Twice in the last month, I have been approached by talent scouts. Well, not me, ever, but my redheaded children.
Our first experience came years ago, when Baba was no older than four. A gal who worked for Disney, or rather she worked for a company that supplied people for Disney, approached me. About Baba. I was feistier then and told her that the last red head that Disney got their paws on was Lindsey Lohan and, as I could see what Disney offered my daughter, there ain’t no way on God’s green earth. At the time I was surprised by how strong my reaction was, and did feel bad for the poor little rep. But the last six years have showed me that Lindsey deserved the same reaction from her mother. And I don’t feel bad.
Shortly after that, I received my first flyer inviting Baba, or all eligible little girls, to participate in a child beauty pageant. They said they received my name from a friend. I am unclear as to who I might have insulted or offended that greatly. And, apparently, there is NO getting off that mailing list.
So recently, I was walking in the mall with both of my beautiful girls. Well, Gestating Cinco was certainly part of the party as well. Minding my own business, walking hand in hand with Baby, when I heard “Oh my gawd, is she your daughter?” Now, as I was Gestating Cinco, among other things, all I managed was a pause along with the question “Which one?” Dur.......
Clearly casting agents, or talent agents or whatever they go by these days, aren’t going by brain cells. Rather, she plowed ahead telling me how beautiful my daughter was, keep in mind that I actually had two daughters standing there. Apparently “they” are ALWAYS looking for redheads, any eye color will do, and freckles are a plus. The very exuberant lady turned on Baba, who is by nature reserved, and asked “Don’t you want to be a star and be on TV and in movies?” Baba, completely uninfluenced by me responded “Not really. “ I took her card to be polite, and did discover that she was legit, but it didn’t soothe my ire at her total ignoring of Baby. True, Baby does not actually have red hair or freckles, but she did warrant a “hello.”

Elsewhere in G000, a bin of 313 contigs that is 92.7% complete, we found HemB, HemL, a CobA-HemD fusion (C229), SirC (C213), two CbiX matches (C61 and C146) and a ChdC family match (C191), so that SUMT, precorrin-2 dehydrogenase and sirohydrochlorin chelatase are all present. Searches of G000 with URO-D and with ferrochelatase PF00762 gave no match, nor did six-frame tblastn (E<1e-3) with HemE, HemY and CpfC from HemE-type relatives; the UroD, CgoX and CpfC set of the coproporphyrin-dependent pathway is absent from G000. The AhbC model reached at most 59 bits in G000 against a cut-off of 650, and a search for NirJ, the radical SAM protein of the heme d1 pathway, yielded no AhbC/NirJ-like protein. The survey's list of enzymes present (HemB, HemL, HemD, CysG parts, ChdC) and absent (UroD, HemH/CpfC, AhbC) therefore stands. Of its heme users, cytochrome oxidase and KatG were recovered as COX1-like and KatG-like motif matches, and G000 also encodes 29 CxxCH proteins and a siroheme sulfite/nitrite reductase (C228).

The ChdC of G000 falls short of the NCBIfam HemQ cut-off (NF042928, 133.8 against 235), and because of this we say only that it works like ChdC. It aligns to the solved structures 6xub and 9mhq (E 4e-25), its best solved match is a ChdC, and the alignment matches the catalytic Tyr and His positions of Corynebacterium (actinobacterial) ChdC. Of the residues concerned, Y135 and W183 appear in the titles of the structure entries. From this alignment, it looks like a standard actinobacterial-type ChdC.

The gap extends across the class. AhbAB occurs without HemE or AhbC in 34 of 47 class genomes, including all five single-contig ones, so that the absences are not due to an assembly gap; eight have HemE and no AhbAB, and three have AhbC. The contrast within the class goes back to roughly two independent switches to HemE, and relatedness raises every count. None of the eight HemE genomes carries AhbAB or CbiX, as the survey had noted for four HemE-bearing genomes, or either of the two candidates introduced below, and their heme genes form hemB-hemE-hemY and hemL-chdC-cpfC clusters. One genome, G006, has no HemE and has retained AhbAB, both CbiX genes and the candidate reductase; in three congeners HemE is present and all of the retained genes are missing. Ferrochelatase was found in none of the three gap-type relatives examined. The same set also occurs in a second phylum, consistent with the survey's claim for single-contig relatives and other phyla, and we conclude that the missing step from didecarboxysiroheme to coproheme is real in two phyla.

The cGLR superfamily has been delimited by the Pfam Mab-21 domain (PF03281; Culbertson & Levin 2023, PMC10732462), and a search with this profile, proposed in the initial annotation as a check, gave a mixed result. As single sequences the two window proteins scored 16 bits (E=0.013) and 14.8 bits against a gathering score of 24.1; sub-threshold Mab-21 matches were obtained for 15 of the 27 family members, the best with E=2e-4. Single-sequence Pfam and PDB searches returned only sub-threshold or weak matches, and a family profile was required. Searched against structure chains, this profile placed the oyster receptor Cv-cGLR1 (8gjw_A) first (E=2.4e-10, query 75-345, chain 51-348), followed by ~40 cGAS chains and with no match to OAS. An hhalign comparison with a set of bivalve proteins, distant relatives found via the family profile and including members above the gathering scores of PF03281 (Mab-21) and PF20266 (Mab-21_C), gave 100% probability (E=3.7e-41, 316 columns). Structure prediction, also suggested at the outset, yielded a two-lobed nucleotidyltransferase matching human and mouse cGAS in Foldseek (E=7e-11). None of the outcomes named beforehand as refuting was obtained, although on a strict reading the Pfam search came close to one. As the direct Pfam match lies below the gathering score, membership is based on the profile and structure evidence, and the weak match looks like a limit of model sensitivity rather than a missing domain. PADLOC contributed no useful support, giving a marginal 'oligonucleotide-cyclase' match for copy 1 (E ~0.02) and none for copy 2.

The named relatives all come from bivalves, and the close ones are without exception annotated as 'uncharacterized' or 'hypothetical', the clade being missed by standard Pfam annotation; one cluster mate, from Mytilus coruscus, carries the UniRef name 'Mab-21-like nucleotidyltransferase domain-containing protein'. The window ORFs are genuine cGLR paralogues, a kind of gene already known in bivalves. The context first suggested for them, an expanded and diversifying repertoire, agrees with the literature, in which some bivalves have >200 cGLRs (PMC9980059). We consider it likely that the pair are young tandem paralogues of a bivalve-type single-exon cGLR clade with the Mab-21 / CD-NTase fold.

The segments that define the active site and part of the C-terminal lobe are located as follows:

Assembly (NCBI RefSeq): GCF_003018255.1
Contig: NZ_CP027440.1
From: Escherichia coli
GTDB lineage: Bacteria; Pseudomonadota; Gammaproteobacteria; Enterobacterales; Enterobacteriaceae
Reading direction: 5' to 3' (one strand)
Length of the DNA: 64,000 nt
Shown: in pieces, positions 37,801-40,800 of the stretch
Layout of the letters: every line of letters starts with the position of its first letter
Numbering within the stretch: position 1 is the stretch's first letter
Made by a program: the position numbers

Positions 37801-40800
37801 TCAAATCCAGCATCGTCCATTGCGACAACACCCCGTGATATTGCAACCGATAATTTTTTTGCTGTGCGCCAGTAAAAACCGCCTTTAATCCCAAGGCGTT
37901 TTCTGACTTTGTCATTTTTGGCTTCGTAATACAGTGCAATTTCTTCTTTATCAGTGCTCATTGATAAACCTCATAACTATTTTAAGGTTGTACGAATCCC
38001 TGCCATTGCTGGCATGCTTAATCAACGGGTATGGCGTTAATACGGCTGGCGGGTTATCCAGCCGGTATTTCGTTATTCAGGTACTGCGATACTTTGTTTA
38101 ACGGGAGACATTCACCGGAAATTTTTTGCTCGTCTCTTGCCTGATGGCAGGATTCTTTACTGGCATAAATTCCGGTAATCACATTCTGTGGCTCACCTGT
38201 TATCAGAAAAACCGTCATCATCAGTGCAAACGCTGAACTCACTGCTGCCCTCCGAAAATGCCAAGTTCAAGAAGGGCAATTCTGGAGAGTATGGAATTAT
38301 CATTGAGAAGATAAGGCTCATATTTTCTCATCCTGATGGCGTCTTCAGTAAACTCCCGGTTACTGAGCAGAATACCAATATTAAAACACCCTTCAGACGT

But Baba put the issue to rest. And I did not have to consider all the tabloid covers about red headed child stars gone lost. Although the father figure did ask “What if it paid for college?” It was a legitimate question. And I will have to explain why they have college loans and work study. But they ought to be functional enough to actually attend college. And considering that the father figure’s original college funding idea involved sending the children, while they were all in their bald stage, out to a street corner with a sign saying “Help me pay for my cancer treatment.” His theory was it wasn’t actually dishonest because who knew? Maybe they would end up studying something in college that led to some sort of treatment. I think he was supposed to be a politician.
The next gal was better at her job. She started her conversation off with “You have such beautiful children.” Now that will always get my attention. She continued on “All so different, yet so lovely.” Now I’m really listening. I’m used to people commenting on my red heads, generally while referencing all my kids. To actually make eye contact with Baba and tell her she’s beautiful guarantees I will like you. So she smiled at them all, and delighted in X-Man’s spectacular curls, and then launched into her sell. They are still looking for red heads, boys and girls, although all my children are beautiful enough to be stars. (Man, she was good.) But again, the question “Do you want to be in the movies” was directed to Baba. “No not really. I’d rather play soccer.” Cha-chin!
Not to be deterred, as we walked off Baby started to tell me how she totally wanted to be a star and be in movies except that the minute they turned on the cameras she would totally freak out. Sadly, Baby’s Italian mannerisms just don’t translate onto paper. She was mid-sentence describing how she would handle her stage fright when she saw some glittery flip flops and was promptly distracted.
And so, I am neither the bad guy who squashes my little girls’ dreams nor the stage mom who failed her children. Now that’s what I call WINNING!